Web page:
The model for Sargent's Madame X, Virginie was originally from New Orleans and moved to France after her father died in the battle of Shiloh. She was introduced to high society and managed to captivate a gentleman who wed her and was very proud of making such a great match. She was considered one of the beauties of the time with fair skin, chestnut hair, a wonderful figure, and a graceful way of moving.
She was very impressed with herself and sought to preserve her finest moment of beauty by commissioning John Singer Sargent, the wonderful American painter, to immortalize her. And he did. Sargent painted the arresting Madame X in a gorgeous black two-piece evening dress with one golden strap slithering down her shoulder in a most provocative style.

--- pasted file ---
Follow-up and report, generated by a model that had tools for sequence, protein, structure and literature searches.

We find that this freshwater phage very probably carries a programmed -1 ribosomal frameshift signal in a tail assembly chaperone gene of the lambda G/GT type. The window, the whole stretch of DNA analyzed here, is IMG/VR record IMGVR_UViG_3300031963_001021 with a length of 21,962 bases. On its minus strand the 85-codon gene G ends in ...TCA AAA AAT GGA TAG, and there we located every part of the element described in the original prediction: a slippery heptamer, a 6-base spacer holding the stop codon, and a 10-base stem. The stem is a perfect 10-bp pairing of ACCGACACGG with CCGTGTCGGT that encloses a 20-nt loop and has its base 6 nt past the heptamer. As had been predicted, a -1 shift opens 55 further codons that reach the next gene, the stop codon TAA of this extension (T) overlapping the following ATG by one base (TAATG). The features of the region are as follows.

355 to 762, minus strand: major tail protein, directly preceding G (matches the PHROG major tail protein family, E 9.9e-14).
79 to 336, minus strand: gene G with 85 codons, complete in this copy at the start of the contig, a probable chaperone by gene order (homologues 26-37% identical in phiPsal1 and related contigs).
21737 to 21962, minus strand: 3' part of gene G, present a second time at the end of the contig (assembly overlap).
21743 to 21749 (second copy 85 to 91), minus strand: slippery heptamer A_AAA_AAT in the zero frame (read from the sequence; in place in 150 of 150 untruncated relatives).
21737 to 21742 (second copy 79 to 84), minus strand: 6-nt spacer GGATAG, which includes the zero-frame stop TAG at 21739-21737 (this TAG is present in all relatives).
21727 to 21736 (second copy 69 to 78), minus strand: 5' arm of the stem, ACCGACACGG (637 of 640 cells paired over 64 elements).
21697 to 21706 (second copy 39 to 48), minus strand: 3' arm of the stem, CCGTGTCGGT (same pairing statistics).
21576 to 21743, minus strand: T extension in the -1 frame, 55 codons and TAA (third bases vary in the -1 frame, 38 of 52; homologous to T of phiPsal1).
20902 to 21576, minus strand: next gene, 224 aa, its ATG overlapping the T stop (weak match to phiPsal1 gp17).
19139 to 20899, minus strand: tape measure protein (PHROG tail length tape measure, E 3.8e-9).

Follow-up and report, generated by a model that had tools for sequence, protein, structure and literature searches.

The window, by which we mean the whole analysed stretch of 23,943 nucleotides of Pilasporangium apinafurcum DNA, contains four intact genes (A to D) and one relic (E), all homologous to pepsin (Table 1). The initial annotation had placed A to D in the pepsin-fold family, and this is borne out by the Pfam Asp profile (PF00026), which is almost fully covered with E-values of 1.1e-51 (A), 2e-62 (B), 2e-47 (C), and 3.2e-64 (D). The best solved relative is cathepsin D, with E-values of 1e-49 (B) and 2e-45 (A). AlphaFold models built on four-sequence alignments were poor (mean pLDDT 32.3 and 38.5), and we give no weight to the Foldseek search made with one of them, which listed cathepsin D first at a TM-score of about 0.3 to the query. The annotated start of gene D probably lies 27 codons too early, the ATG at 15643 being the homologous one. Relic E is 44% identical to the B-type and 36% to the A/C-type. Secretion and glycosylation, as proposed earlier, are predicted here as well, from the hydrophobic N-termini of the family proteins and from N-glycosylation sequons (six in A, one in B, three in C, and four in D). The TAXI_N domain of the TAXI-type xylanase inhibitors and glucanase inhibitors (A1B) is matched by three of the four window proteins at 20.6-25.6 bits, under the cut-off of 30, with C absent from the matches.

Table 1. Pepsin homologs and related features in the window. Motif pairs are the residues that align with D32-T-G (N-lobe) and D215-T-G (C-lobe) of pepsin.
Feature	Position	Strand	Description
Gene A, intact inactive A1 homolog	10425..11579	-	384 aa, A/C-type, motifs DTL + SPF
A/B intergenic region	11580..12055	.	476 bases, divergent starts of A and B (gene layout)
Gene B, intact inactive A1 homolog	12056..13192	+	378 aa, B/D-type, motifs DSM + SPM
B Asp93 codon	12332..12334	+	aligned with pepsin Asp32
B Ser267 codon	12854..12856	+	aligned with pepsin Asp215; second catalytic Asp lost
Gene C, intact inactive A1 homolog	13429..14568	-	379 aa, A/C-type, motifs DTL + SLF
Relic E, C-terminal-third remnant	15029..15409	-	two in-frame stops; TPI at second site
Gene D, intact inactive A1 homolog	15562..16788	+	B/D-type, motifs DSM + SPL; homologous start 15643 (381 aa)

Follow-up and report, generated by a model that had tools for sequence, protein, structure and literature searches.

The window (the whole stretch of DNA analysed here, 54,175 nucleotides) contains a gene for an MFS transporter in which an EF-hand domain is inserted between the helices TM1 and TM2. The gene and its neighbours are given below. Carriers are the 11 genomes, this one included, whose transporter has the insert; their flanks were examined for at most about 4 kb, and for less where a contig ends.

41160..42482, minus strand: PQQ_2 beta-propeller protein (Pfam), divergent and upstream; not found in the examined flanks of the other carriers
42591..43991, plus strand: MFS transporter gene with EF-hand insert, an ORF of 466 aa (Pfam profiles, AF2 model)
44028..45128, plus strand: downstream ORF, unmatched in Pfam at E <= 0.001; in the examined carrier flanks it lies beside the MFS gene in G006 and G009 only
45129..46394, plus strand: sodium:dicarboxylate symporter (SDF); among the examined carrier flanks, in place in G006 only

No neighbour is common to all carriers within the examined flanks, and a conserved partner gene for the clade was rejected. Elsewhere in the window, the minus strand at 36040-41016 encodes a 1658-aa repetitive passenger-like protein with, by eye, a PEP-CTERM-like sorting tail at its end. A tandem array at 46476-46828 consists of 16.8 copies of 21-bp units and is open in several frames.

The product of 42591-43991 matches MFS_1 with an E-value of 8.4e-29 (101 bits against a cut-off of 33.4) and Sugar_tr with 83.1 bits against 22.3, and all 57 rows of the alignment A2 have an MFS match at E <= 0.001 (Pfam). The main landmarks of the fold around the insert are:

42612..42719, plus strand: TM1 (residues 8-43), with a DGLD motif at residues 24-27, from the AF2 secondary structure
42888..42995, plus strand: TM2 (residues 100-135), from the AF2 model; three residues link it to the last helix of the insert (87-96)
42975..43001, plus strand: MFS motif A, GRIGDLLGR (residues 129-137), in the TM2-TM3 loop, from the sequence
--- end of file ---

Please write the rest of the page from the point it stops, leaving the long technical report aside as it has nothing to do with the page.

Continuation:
Virginie had her likeness done several times again and never with the flair and memorableness of Madame X. So, she was always disappointed by any of the other attempts.
Again, there are tales that when the ravages of time began to tear at Virginie, she became a recluse having lost the only treasure she possessed, her beauty.
Possets has done a Madame X (and squared and cubed) but how about the lady behind the portrait, the girl from New Orleans? Virginie Gautreau starts out with that most New Orleanian ingredient, molasses. We follow that up with a truly winsome, sensuous, and sweet musk. Finally, to finish it up we have layered a thick crust of strong and bitter chocolate which is the perfect foil to dark sweetness and perfume. Here is where chocolate becomes more than simple chocolate and where molasses turns into more of a liquor than a candy base. Foody, musky, resinous.